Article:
Should You See It: Again, it's accidentally timely, so it might be interesting in that regard. Stone hasn't really made a good film in a long, long while so there's no reason to expect this to be any good. The Shia factor irks as always, but Douglas is always fun and Mulligan and Brolin both know how to command attention. People might be talking about this one. Well, until the Facebook movie comes out, anyway.

Everything Else:

Milla Jovovich's metamorphosis into an actual videogame character continues in Resident Evil: Afterlife (9/10) ... Patricia Clarkson, Danny Glover, and John Cena, yes from wrestling, make up the weirdest cast ever in Legendary (9/10) ... Eva Green and Juno Temple do things at a British boarding school in Cracks (9/10) ... We get to find out if Joaquin Phoenix is actually crazy in I'm Still Here (9/10) ... French pastry chefs compete for ultimate deliciousness in Kings of Pastry (9/15) ... Justin Long and others embarrass themselves (or at least their voices) in the dreadful-looking wolf cartoon Alpha and Omega (9/17) ... Catfish is a mysterious "documentary thriller" about Facebook (9/17) ... Phillip Seymour Hoffman is sad and rumpled in his directorial debut, a film adaptation of the play Jack Goes Boating (9/17) ... A pleasant round of LARPing turns dark in The Wild Hunt (9/17) ... Some horrible new thing is coming crawling out of the mind of M. Night Shyamalan and its name is Devil (9/17) ... Woody Allen's latest, You Will Meet a Tall Dark Stranger, has Josh Brolin hitting on Freida Pinto (9/22) ... Zack Snyder directs an animated movie about magic owls, because sure, called Legend of the Guardians: The Owls of Ga'Hoole (9/24) ... Trippy ghost movie Enter the Void will fry your brain (9/24) ... James Franco does Allen Ginsberg (and other dudes) in Howl (9/24) ... You will feel horribly depressed about the American education system when you watch the documentary Waiting for "Superman" (9/24) ... Kristen Bell does another ponderously low-budge romantic comedy, this one called You Again (9/24) ... The play-based Nicole Kidman dead kid weeper Rabbit Hole (directed by Hedwig himself, John Cameron Mitchell!) premieres at the Toronto Film Festival and likely gets released later in the season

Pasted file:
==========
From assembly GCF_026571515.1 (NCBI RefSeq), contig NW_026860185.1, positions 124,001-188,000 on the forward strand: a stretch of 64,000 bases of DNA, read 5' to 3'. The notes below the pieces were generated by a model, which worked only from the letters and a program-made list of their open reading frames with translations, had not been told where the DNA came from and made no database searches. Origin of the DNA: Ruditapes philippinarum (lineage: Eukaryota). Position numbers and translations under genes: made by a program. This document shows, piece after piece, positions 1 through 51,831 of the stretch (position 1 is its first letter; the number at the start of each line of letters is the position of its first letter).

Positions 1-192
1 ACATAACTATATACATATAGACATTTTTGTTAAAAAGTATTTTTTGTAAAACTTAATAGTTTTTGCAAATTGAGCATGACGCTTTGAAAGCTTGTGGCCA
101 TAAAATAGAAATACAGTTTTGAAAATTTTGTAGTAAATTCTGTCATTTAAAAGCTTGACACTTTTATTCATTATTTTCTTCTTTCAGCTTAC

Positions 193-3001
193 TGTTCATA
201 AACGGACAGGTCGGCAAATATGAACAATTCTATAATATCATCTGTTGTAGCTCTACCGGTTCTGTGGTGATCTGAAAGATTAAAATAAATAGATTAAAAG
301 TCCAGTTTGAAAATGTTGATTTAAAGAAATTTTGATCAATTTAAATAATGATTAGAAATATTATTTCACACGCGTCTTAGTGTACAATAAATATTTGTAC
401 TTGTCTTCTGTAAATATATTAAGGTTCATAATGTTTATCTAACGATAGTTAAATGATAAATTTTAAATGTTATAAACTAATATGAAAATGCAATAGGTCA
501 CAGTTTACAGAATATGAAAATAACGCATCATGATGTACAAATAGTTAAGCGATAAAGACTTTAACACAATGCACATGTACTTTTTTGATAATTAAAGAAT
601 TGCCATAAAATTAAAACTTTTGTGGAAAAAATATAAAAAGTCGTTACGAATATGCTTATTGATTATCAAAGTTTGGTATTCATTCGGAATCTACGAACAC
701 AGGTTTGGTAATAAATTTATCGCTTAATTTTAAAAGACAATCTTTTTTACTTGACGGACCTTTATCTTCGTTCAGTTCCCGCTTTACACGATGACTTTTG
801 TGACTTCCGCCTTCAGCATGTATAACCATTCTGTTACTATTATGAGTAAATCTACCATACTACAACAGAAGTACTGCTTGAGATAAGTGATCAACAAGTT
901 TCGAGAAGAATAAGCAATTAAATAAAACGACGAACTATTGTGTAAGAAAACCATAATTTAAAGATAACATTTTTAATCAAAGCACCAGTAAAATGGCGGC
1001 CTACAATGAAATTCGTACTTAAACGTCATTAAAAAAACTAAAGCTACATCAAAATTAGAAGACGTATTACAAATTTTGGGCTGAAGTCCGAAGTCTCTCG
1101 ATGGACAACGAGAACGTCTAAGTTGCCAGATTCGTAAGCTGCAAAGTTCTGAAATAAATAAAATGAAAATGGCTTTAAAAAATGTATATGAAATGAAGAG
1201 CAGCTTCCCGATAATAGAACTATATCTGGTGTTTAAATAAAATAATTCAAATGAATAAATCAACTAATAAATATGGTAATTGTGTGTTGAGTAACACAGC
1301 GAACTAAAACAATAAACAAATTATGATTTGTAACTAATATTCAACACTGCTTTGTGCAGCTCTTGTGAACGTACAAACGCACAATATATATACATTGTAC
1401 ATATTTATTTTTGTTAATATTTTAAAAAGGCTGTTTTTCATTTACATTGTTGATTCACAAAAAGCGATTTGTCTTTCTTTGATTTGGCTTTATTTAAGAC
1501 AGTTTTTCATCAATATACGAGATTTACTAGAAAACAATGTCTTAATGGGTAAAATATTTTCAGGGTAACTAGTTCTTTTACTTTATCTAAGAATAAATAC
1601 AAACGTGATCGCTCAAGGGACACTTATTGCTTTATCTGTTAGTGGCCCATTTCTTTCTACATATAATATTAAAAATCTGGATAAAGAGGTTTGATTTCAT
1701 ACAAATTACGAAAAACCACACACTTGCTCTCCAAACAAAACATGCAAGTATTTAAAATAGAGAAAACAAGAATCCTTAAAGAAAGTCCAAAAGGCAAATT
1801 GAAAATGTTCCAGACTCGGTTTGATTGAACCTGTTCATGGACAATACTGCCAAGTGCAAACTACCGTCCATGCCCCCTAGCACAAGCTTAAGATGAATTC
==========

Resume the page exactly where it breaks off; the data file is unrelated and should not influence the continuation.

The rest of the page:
October



The Gawker Guide to Fall Movies

The Social Network (Oct. 1)
What It Is: Seriously? You don't know what this movie is? Then you are not reading this website. It's the Facebook movie! You know, all about mean Harvard nerds and the ways they screw each over while scrambling like rats for a grab at a billion dollars. Jesse Eisenberg plays ambitious dorkwad Mark Zuckerberg, who became a billionaire at 26 after creating a playground for vain and lonely people. It's a story about the American dream that's really, y'know, a nightmare or whatever.
Should You See It: What're you, a Luddite? Some sort of anti-computer, shack-dwelling hermit weirdo? Yes you should see it. You have to see it, at least if you want to have anything to say at an October beer & wine party on someone's Brooklyn roof. "I thought it was dull, but interesting, does that make sense?" you'll say, shivering in the fall air, taking a drag of your Winston Light, staring off at Manhattan sparkling coldly. And then everyone will nod and drink their Sierra Nevada and pretty soon you'll be talking about Twitter again.

The Gawker Guide to Fall Movies

Life As We Know It (Oct. 8)
What It Is: Bland charmer Josh Duhamel and ferocious hell-Wheaton Katherine Heigl star in this Zany and Touching comedy about what happens when someone rips off Baby Boom and casts Katherine Heigl in it. Yeah, it's the old "Oops, you've inherited a baby" routine, made more complicated this time because Duhamel, who Heigl hates, was made the guardian of the child too. So they get poop all over their faces, and we feel like we got poop all over ours, and then they fall in love while we flail on the ground and die and wonder why, WHY??, we keep insisting on seeing Katherine Heigl movies.